There should be no doubt that the decision by German Chancellor Angela Merkel to pull the plug on the German nuclear programme is in no way based on safety, economic or technology issues. It is purely and simply an exercise perpetrated to save her political neck.
Merkel’s Christian Democratic Party is in a power-sharing coalition in Germany, but has suffered a mauling in recent local elections and its viability as a ruling party looked bleak. Needing the support of the Green Party to shore up its political future, it decided to leap into bed with them by calling a halt to the German nuclear industry. Come 2022 all German nuclear facilities will be off line, but this revelation is not new to the European giant.
When Merkel came into power in 2005, the outgoing government had a plan in place to end German nuclear power industry by 2022. Sound familiar? After economic and technological studies, Merkel reversed the decision and moved nuclear power to the heart of German energy policy.
They say a year is a long time in politics, but it seems that six months is more than enough time for a key policy to find its way into the Bundestag shredder. The political setbacks, allied with the nuclear accident in Japan, has changed the public opinion in Germany and heralded this about turn.
The move certainly has no financial foundations. Nuclear power stations currently generate almost a quarter of Germany’s electricity and a move away from these is expected to increase electric bills by around 30 per cent and put a dent in the country’s global warming targets, with carbon emissions expected to rise by ten per cent.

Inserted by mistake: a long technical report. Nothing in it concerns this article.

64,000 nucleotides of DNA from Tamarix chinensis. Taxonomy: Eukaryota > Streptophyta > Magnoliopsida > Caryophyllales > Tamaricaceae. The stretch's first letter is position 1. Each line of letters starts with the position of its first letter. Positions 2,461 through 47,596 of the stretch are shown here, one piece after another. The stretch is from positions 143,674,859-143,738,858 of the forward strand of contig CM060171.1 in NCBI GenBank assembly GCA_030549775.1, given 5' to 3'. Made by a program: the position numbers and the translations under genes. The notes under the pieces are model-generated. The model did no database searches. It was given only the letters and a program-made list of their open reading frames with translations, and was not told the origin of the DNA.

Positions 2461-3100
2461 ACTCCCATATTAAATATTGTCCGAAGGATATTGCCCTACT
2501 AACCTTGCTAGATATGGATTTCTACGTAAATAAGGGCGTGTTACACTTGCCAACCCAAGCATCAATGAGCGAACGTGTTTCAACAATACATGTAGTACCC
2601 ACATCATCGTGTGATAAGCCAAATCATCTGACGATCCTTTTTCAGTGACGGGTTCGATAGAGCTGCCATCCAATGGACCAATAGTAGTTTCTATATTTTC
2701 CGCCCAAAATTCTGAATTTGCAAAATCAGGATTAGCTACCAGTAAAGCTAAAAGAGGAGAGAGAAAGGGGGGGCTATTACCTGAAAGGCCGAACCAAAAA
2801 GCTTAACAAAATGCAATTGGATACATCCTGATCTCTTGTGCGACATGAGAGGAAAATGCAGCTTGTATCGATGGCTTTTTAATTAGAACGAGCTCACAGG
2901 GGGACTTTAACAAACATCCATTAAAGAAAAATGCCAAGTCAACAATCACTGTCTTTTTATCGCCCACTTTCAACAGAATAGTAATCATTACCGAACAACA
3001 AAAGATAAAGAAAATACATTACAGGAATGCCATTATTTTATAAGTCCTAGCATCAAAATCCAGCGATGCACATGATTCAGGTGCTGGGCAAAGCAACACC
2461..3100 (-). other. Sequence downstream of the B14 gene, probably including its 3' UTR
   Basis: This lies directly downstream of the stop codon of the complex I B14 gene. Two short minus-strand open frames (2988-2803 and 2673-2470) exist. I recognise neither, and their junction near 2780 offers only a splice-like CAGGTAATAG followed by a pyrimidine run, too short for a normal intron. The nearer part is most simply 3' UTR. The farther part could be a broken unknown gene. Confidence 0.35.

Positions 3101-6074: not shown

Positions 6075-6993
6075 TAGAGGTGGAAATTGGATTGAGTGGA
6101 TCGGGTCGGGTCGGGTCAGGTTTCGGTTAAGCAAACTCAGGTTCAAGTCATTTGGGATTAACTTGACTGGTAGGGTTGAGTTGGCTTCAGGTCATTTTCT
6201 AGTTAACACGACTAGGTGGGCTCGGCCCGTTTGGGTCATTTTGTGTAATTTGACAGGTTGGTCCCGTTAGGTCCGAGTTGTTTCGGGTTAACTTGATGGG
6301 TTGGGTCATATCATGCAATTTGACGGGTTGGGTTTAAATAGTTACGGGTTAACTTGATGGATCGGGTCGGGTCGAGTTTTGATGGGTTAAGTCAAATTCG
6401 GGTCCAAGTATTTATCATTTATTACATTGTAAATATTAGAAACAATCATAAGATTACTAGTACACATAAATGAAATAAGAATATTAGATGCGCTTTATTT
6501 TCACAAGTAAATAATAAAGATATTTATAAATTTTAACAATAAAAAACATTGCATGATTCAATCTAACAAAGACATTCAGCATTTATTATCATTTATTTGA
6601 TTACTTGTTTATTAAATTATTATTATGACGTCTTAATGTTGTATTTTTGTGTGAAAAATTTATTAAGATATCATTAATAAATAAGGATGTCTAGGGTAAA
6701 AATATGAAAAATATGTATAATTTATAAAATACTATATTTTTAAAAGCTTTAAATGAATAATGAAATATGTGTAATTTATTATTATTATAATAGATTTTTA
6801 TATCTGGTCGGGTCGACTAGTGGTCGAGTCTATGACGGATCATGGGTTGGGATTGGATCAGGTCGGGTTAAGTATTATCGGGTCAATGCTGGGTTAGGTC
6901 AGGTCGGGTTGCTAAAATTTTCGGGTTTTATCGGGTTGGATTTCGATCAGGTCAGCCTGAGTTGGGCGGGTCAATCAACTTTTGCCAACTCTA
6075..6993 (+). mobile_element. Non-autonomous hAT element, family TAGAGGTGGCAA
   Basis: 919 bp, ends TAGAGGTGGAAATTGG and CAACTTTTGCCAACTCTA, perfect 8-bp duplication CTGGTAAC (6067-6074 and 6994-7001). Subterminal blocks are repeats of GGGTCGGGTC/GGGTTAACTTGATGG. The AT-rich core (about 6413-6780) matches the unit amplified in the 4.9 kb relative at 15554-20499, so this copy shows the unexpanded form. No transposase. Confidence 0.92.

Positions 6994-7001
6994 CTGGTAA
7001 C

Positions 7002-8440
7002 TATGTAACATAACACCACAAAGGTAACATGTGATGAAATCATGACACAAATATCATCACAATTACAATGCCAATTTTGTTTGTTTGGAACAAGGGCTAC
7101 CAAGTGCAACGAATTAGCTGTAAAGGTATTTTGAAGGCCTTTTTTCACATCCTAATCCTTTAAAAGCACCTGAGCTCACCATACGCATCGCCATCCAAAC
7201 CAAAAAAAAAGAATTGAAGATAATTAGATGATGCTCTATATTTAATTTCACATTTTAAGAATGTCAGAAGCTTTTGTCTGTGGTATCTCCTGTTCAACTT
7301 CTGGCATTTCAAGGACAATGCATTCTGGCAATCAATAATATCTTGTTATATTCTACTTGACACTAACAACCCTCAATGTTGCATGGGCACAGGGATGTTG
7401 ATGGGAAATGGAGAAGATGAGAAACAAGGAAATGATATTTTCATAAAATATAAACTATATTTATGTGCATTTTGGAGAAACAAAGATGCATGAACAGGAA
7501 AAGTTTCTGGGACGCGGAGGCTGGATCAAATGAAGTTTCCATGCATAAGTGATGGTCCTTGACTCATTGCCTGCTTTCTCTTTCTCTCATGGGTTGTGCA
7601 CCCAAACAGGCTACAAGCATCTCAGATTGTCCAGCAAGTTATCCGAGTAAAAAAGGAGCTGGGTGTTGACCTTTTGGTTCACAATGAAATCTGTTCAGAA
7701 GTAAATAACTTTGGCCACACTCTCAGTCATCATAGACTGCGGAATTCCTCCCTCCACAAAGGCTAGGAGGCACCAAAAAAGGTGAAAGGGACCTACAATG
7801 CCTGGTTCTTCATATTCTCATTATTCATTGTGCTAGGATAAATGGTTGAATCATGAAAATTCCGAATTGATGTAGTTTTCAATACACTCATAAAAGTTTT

It will also harm the country’s manufacturing heartland and could push energy intensive companies, such as those in the chemical or automotive sectors, to seek cheaper locations in either Poland or Eastern Europe.
The safety of the German nuclear sector is second to none, with not a single fatality laid at its door. As a TV commentator quipped earlier this week, cucumbers have killed more people in Germany than nuclear accidents. The safety argument is also negated by the fact that Germany’s borders are pressing ahead with nuclear power. As the Fukushima accident has made all too clear, nuclear pollution respects no geographical boundaries.
But this decision, although ill conceived, could have dramatic implications for the German renewable sector. To fill the gap left by nuclear energy, Germany is planning to generate 35 per cent of its electricity from renewable sources by 2020. Hand in hand with its withdrawal from the nuclear industry comes a huge raft of investments into renewable technology that will almost certainly propel the country to the head of the renewable technology tree. The type of investment that the United States and UK have shied away from because it makes no economic sense will now happen because of political expediency.
And although that may be a laudable outcome, Germany would have been far better served by using that sort of investment to curb is veracious appetite for fossil fuels, which currently account for almost half of its electricity generation.
Outside of Germany the nuclear renaissance will continue with France, China, UK, South Korea and Russia all likely to continue with their new build plans. Who knows; if the political landscape in Germany changes, then economic practicalities may cause another about turn, such is the nature of politics.